Protests against racial oppression have erupted yet again in the United States and around the world, following the recent cold-blooded murder of George Floyd at the hands of the criminal justice system. Millions of protestors of all nationalities have marched in cities worldwide to demand an end to systemic racism and the continuous hunting and lynching of African-Americans, the latest in a seemingly endless cycle of murders of Black people in North America.
Their inhuman conditions associated with slavery have continued many generations later, through periods of the KKK, Jim Crow laws, the struggle for voting rights, race riots in the 1940s,1950s, 1960s, and 1970s and beyond. The pandemic of institutionalized and systemic racism in housing, in education, in opportunity, in employment, in communities – in life – has never stopped. The trauma and tension of being Black in that environment is constant. You are shot first, guilty first. The inquiry can come later; the police officer, the agent of their aggression, is confident that the system will protect the perpetrator.
The Canadian experience for many African-Canadians has been similar: experiencing the constant tension with law enforcement, who practice discrimination like the colour of your skin is a death sentence. Police officers are empowered to “card” young men regularly. Pockets of violent racist groups like the Soldiers of Odin flourish in our provinces. Families of Oklahomans running from US Jim Crow laws were initially blocked from entering Canada despite their qualifications. In Alberta, they were banished off to Amber Valley. Police in Regina were called recently for a young Black teacher entering his own parked car. Complaints of discrimination in employment, education and social services are widespread.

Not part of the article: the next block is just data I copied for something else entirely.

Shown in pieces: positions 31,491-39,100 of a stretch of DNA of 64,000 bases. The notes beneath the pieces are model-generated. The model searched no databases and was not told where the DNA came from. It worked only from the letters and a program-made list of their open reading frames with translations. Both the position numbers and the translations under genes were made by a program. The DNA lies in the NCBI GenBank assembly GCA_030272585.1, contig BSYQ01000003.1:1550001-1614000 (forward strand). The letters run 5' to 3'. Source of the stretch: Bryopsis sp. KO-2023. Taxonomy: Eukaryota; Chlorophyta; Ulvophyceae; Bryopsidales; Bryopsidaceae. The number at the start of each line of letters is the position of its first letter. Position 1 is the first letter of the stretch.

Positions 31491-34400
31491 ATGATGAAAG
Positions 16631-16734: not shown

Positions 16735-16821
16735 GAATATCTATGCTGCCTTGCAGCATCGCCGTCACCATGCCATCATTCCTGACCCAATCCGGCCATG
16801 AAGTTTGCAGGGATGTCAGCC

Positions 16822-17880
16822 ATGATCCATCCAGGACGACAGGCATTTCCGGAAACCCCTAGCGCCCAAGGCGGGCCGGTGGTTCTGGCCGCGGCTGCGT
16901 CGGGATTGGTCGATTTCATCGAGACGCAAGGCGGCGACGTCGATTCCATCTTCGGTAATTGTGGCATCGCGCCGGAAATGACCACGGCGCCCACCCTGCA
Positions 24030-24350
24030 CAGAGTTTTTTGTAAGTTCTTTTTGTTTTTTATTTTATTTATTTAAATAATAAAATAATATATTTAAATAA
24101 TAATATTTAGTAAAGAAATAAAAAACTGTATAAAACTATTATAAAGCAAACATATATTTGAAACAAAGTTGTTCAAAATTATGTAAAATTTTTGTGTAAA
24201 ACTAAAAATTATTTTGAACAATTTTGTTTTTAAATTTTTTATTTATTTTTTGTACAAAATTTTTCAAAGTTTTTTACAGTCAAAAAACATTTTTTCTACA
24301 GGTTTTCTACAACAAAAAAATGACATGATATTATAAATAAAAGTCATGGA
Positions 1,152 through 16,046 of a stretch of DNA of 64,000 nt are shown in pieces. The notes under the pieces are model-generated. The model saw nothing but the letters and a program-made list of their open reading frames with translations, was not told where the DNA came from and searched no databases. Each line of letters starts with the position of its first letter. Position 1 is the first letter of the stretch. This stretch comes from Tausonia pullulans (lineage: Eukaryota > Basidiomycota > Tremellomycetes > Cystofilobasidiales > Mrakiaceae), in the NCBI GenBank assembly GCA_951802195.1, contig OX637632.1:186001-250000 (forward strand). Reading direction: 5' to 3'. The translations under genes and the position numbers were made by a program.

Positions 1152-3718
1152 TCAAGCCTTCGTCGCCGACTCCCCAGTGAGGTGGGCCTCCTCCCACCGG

Public outcry is for all human beings to be treated as equal, to pay attention to the systemic issues highlighted by the recent spate of murders, to renew the Social Contract that demands all citizens to be treated equally. We just want to breathe.
Donna Coombs-Montrose, the writer, is a founding member (1999) and current board member of ALHI.
To learn more about Black history in Alberta, click here.